Reason for edit: added links, fixed typos, completed/refined my thoughts (as per usual).


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Brand
post Jun 21 2012, 08:50
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QUOTE (xdesirex22 @ Jun 21 2012, 05:10) *
also, Is there one that is generally regarded by the community to be better? or are they generally seen as being interchangeable

In addition to what greynol posted, let me give you a slightly more "practical" answer:

When we're talking about low bitrates (~120kbps), I think AAC is generally regarded to be better (that is: more transparent).

But at higher bitrates (over 200kbps), both MP3 and AAC are generally regarded as transparent, so at that point it's hard to talk about which is better.
Maybe you would think that transparency scales linearly with higher bitrates.. but lossy encoding doesn't always work like that. Some codecs can be better optimized for certain bitrates, so in theory MP3 could be better than AAC at 250kbps, even if it's worse at 120kbps.
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xdesirex22
post Jun 21 2012, 14:00
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thanks for the answers, i have a much better grasping of this now.
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FeelThhis
post Mar 28 2014, 03:10
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sorry for the necro-bumping. but i just want to say: what a delightful time I had by reading this thread. you guys not only know the technical stuff, but you are also very clever people.


i think those who are not specialist in the area (like me) can benefit too by reading this post... so the bumping is not that bad in this case smile.gif
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dndell
post Apr 26 2014, 23:37
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On this same topic, I am a dj, who is always looking for new music (including often older music I am just discovering). Though I prefer to get CDs when I can and rip losslessly, often older EPs were never released on CD, and are not available currently on sites like Beatport. So as a last resort, I am sometimes forced to choose to buy tracks from the lower bitrate providers like Itunes, Amazon, or Google Play - or just give up on the track..

My point is that for me it's not a choice between lossless and lossy, but which lossy will sound best to the most people on a huge soundsystem - which is hard to A/B at home. Both highs and low end are critical. I know I definitely prefer the highs of 256 AAC over 256 MP3 but the choice between Google Play's 320 MP3 and Itunes 256 AAC is harder. I've been opting for 320 MP3, but love some experienced djs thoughts.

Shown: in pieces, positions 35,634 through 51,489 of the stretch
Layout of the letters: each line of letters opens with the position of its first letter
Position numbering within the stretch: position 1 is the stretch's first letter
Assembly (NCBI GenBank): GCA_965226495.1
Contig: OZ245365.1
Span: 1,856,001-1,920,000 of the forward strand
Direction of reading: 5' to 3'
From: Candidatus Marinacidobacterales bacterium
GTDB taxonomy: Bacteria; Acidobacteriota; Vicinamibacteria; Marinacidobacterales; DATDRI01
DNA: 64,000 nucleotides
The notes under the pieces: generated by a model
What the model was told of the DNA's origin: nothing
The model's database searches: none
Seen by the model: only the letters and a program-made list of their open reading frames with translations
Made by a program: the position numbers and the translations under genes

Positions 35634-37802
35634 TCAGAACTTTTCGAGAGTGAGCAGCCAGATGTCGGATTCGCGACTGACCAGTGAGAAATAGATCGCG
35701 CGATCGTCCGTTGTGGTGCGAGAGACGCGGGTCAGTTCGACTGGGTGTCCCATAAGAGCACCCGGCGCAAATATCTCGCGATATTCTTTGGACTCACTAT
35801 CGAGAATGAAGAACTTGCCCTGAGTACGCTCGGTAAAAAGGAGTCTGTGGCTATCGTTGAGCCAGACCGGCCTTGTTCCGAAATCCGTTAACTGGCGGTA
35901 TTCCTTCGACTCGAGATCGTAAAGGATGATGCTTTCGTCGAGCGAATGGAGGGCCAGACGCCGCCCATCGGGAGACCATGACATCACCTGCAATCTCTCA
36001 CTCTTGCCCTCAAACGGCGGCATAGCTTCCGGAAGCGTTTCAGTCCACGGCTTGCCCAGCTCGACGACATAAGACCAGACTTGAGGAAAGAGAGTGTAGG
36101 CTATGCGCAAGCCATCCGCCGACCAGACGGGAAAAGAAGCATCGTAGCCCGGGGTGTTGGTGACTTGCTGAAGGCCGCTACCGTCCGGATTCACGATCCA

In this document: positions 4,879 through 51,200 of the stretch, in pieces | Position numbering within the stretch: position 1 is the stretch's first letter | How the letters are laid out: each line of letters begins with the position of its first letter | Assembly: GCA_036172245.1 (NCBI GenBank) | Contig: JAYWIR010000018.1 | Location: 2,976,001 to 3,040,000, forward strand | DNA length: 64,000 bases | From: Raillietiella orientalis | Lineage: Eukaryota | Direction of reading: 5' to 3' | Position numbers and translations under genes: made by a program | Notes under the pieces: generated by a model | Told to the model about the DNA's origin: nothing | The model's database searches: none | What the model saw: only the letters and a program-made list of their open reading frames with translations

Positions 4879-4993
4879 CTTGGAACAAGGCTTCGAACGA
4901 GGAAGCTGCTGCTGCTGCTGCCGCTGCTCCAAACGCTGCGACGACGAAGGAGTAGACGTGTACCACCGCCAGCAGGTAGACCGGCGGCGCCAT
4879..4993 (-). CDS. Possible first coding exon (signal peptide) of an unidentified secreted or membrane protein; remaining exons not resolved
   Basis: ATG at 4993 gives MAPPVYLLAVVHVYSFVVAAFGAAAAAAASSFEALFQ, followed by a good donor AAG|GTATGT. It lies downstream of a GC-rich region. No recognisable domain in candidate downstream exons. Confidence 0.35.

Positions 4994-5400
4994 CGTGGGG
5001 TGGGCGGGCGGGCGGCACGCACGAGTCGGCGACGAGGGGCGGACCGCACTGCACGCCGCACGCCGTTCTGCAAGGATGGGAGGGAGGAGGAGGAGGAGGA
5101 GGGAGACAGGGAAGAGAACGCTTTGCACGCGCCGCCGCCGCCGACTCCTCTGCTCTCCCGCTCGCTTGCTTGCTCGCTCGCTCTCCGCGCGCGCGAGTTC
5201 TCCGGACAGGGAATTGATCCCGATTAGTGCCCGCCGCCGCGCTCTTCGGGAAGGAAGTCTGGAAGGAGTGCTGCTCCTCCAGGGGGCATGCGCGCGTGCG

BTW, I publich my recorded sets using Dolby's 320Kb AAC algorithm, which sounds really good to me.
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DVDdoug
post Apr 28 2014, 22:31
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QUOTE
My point is that for me it's not a choice between lossless and lossy, but which lossy will sound best to the most people on a huge soundsystem - which is hard to A/B at home.
A reasonable pair of headphones is all you need. The most important factors are your ability to hear/identify compression artifacts and the program material. Some people find it easier to hear compression artifacts on a lower-quality system.

A/B listening is fine in some cases. But modern compression can be very good, it's hard to hear the difference, and it's easy to fool yourself. A proper scientific, level matched, blind ABX test is the only reliable way to do it, and such a test is required per TOS #8 before making audio quality claims here at HydrogenAudio.

QUOTE
Both highs and low end are critical. I know I definitely prefer the highs of 256 AAC over 256 MP3 but the choice between Google Play's 320 MP3 and Itunes 256 AAC is harder.

Compression artifacts have very little to do with "highs & lows", especially at these higher bitrates.
Typically, 256 and 320kbps MP3 both sound identical to the uncompressed original. You may find some songs where you can hear artifacts at 256 that you can't hear at 320, but that would be rare... If you can hear artifacts at 256kbps, you can probably hear them at 320.

The proper way to do an ABX test would be to compare the CD (or lossless file) to the AAC, and also compare the CD to MP3. If you can't reliably hear a difference in either case, all 3 are equal in audio quality. If you can hear compression artifacts with both, it's up to you decide which you prefer, or which is "better".

QUOTE
I've been opting for 320 MP3, but love some experienced djs thoughts.
Any good recording at 256kbps in just about any format is going to sound GREAT on a killer sound system! Most dance halls & clubs have very "live" acoustics (plenty of natural reverb) and there tends to be quite a bit of background noise. This will make compression artifacts hard to hear, even if you can hear them when listening carefully on headphones. ...And of course, there is no possibility of listeners doing a careful A/B or ABX test when a DJ is playing the music. wink.gif

This post has been edited by DVDdoug: Apr 28 2014, 22:34